metro[index+1]:stop() -- reset averaging timer

	counters[index] = counters[index] + 1
	if (metro[index+1].is_running == false) then

function setClockDivider(index)
	if (metro[index+1].is_running == true) then
    if (counters[index] < 2) then
    	dividers[index] = counters[index]
    	dividers[index] = 2 ^ (counters[index] - 1)
    counters[index] = 0
    -- print(dividers[index])

Another question: I’ve been keeping pretty robust comments, but I noticed comments contribute to maximum script length. Is there a nice way around this? I started removing comments to make room for functional code which isn’t ideal.

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The behaviour you’re seeing is ‘expected’, though I agree it’s not ‘desired’. The is_running is only accurate for ‘endless’ metros (ie count = 0). The Metro lib is one of the only things pulled in directly from the norns project - I just checked that codebase and it appears the behaviour is identical on norns too.

We could add it, but it would require another callback from C into Lua. The norns-style clock library is coming to crow in a new update, which I imagine might be a better fit here in future anyway.

From a memory perspective it is substantially more intensive to create a closure (which essentially creates a new function & an attached table every time it’s called). Conversely though, using closures is sometimes unavoidable, and other times makes the code far more readable. eg. ASL is a big stack of nested closures and it runs just fine.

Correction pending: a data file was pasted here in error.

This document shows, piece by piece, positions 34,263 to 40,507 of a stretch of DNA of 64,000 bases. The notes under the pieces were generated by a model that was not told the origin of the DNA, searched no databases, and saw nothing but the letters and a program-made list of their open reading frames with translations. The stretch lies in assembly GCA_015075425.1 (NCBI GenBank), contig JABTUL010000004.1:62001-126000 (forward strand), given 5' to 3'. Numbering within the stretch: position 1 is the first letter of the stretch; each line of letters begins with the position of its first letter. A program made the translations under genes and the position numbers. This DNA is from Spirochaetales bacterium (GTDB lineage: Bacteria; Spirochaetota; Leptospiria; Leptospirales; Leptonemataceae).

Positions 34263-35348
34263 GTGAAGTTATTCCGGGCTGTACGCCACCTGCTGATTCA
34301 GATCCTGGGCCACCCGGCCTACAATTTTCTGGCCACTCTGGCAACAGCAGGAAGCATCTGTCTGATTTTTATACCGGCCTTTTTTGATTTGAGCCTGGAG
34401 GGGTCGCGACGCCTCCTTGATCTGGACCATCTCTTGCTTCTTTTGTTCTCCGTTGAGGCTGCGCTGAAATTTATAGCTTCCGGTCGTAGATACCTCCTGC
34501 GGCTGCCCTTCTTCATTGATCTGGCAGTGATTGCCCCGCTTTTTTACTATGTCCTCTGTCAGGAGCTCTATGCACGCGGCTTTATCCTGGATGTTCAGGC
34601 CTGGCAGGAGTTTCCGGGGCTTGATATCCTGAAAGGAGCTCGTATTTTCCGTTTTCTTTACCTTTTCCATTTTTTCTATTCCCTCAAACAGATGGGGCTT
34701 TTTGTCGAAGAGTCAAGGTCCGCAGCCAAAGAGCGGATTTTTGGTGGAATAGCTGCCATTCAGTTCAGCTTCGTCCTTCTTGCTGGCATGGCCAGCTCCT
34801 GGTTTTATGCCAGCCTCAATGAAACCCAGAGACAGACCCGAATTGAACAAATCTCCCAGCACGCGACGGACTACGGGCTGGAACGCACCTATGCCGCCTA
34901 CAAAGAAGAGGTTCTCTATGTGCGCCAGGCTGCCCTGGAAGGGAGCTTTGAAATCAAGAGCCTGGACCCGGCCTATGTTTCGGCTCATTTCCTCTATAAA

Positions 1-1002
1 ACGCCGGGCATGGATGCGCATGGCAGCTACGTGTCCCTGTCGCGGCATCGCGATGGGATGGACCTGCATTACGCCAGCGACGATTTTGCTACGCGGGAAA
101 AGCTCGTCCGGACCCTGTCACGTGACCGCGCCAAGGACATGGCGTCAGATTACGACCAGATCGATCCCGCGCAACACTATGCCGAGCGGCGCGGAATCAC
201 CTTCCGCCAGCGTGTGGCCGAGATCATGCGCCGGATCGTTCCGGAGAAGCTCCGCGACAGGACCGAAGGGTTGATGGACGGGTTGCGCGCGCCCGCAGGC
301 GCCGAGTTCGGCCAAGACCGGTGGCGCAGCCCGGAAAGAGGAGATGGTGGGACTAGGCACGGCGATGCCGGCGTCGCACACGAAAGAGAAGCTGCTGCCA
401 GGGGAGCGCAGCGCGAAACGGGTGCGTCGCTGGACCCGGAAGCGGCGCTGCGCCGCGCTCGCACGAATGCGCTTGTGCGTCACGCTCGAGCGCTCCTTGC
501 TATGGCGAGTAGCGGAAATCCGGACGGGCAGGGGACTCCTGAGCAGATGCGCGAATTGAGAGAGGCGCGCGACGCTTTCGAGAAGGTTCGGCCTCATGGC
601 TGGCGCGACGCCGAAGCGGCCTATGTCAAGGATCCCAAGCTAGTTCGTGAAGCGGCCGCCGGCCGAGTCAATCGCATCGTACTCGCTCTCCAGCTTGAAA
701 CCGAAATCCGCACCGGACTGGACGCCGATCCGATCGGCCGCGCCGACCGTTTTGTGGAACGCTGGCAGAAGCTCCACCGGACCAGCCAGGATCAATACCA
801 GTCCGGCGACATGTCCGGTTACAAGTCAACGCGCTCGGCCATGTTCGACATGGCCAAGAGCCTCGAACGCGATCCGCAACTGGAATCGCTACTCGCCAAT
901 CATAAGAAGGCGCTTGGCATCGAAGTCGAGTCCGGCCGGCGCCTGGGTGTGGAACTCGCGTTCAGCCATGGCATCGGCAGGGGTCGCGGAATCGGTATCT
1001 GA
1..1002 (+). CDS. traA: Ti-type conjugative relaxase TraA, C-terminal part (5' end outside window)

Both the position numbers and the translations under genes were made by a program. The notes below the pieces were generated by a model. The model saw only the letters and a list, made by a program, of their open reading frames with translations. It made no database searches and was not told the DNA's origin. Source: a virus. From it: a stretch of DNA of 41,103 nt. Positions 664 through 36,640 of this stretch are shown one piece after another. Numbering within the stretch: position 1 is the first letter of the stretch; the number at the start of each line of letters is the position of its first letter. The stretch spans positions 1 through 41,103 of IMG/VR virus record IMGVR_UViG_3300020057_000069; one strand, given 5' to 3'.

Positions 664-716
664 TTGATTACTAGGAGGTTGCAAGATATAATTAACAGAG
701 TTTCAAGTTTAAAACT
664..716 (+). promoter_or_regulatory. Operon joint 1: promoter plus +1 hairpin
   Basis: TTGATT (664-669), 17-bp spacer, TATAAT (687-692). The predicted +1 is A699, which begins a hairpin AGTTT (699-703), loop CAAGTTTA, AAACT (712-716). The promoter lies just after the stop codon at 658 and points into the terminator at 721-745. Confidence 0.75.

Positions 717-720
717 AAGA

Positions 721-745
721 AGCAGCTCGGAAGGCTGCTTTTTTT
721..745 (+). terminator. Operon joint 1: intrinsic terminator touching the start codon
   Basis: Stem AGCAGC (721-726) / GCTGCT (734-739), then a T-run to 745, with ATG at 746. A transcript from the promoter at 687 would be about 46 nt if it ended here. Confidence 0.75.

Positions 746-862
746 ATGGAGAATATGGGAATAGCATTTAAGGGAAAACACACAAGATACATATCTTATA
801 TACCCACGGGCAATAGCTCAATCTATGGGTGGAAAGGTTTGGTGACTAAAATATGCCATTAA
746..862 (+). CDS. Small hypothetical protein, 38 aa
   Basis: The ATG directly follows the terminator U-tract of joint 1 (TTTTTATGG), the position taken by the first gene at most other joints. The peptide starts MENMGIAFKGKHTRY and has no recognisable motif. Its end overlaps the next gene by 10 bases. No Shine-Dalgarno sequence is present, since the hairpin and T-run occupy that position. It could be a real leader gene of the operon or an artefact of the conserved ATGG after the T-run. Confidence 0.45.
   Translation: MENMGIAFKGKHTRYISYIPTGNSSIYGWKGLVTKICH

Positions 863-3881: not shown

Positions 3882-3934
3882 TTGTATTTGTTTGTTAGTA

I always favour readability, especially in a top-level script. I’d only think about optimization if you’re seeing performance issues, out-of-memory errors, or you want your code to be included as part of a library.

Optimization ideas

If you are seeing issues, the first thing (as always), is to profile the system. Try and understand what the bottleneck is, and focus on that.

Crow is far more sensitive to memory issues, than CPU (it runs at 216MHz (fast!) but only has ~155kB of userspace RAM available (very little)). You can check how much RAM is in use by Lua with print( collectgarbage 'count' ) which returns current memory use in kB. A fresh crow environment uses 100kB for the standard libs, but as long as you’re under 150, everything should be fine.

Lua is garbage collected, and on crow we have it set to be very aggressive. The only way to exhaust the memory is to try and allocate something that is bigger than can fit in RAM, or (for eg) building a table as a merge of 2 other tables (the total of all 3 must fit in RAM). In any other case, if there’s not enough memory, Lua will run the garbage collection until there is, or until there’s nothing to collect and throw an error.

On crow we never really call to Lua faster than 1500Hz (=667uS) which is actually not that fast in the context of the rest of the system (eg DSP processing), so don’t be afraid to push it!

While there is probably a performance difference, it’s likely negligible when compared to the choice of named function & table vs closure. The big reason local is preferable is you can use any name you want, meaning you don’t have to worry about trampling some global you don’t know about / forgot.